Problem with making lining figures in FontLab 7

Eryk KosinskiEryk Kosinski Posts: 14
edited August 8 in Font Technology
I am a beginner user of FontLab 7 and got into learning lining figures recently. I have a problem with creating proportional oldstyle figures. I am using onum and pnum features. I managed to do oldstyle figures and proportional ones but unable to do proportional oldstyle figures.        

Comments

  • John HudsonJohn Hudson Posts: 2,177
    edited August 8
    In OpenType Layout, you need to think what is the order of the substitution lookups, and what is the state of the output from previous lookups that provides the input for the current lookup. This will determine what substitutions you need to put into the lookup in order to achieve your desired result.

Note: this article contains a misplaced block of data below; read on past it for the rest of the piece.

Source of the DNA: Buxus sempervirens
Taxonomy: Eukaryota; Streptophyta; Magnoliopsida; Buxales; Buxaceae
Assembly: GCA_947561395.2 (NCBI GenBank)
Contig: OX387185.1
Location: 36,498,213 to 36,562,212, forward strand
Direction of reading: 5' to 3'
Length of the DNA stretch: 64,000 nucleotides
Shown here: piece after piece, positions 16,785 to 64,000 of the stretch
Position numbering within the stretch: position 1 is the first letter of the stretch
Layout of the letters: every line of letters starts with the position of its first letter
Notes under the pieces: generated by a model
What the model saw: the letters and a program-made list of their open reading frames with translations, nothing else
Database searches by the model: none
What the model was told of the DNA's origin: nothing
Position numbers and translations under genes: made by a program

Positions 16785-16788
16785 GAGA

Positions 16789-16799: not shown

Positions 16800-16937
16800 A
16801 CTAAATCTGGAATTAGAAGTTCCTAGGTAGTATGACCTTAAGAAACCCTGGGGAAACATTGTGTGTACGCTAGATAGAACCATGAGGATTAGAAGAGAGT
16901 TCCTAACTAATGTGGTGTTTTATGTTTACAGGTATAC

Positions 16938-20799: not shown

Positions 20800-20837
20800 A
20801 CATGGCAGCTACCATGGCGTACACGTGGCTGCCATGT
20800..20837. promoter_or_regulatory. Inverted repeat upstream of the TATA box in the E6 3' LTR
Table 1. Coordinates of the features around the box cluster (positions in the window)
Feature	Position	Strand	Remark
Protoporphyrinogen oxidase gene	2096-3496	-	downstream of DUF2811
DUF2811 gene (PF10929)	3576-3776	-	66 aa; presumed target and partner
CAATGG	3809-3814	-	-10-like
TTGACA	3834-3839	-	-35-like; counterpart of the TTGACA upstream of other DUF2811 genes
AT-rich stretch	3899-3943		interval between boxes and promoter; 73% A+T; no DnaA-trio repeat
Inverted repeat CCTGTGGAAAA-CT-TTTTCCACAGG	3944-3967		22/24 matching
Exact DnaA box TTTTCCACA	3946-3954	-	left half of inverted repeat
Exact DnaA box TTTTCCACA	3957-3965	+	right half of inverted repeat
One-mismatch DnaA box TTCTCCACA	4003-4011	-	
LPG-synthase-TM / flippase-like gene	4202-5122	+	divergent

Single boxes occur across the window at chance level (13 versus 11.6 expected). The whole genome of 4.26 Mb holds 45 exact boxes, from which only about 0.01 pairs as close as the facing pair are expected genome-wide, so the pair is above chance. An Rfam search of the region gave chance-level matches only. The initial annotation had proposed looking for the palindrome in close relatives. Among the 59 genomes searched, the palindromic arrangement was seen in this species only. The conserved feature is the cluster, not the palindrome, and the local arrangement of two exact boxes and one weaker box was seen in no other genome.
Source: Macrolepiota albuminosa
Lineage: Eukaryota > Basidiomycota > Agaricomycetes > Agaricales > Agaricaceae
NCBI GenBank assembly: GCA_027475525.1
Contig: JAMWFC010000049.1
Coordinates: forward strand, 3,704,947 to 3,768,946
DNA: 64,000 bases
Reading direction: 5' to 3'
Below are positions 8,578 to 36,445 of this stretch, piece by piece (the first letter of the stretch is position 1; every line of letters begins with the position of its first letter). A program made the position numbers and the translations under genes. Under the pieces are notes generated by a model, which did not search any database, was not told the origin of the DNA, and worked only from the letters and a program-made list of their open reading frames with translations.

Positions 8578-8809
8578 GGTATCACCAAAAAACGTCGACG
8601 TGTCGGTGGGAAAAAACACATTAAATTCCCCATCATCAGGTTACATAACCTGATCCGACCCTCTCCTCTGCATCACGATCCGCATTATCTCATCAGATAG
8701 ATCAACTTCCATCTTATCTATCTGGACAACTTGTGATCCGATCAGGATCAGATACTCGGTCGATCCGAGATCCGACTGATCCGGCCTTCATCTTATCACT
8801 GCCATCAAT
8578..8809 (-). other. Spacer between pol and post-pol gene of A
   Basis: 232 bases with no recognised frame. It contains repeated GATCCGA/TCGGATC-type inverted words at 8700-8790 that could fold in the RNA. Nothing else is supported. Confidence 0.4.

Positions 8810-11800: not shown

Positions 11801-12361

In FontLab 7—and other tools based on the Adobe AFDKO system—there are two ways you can control the order of lookups.

    1. Write all your substitution lookup code in the prefix section of the features panel, give the lookups names, and then reference those names in the (arbitrarily) ordered features below. If you do it this way, then the order of the lookups in the prefix determines the order in which they are applied.

    2. Write your substitution lookup code directly in the features, and drag and drop the features into the order you want them applied.



    I prefer method (1), because I am often working on complex fonts that require interleaving of lookups from different features, but if you are making a fairly typical Latin font, you can probably use method (2), which is that most people do.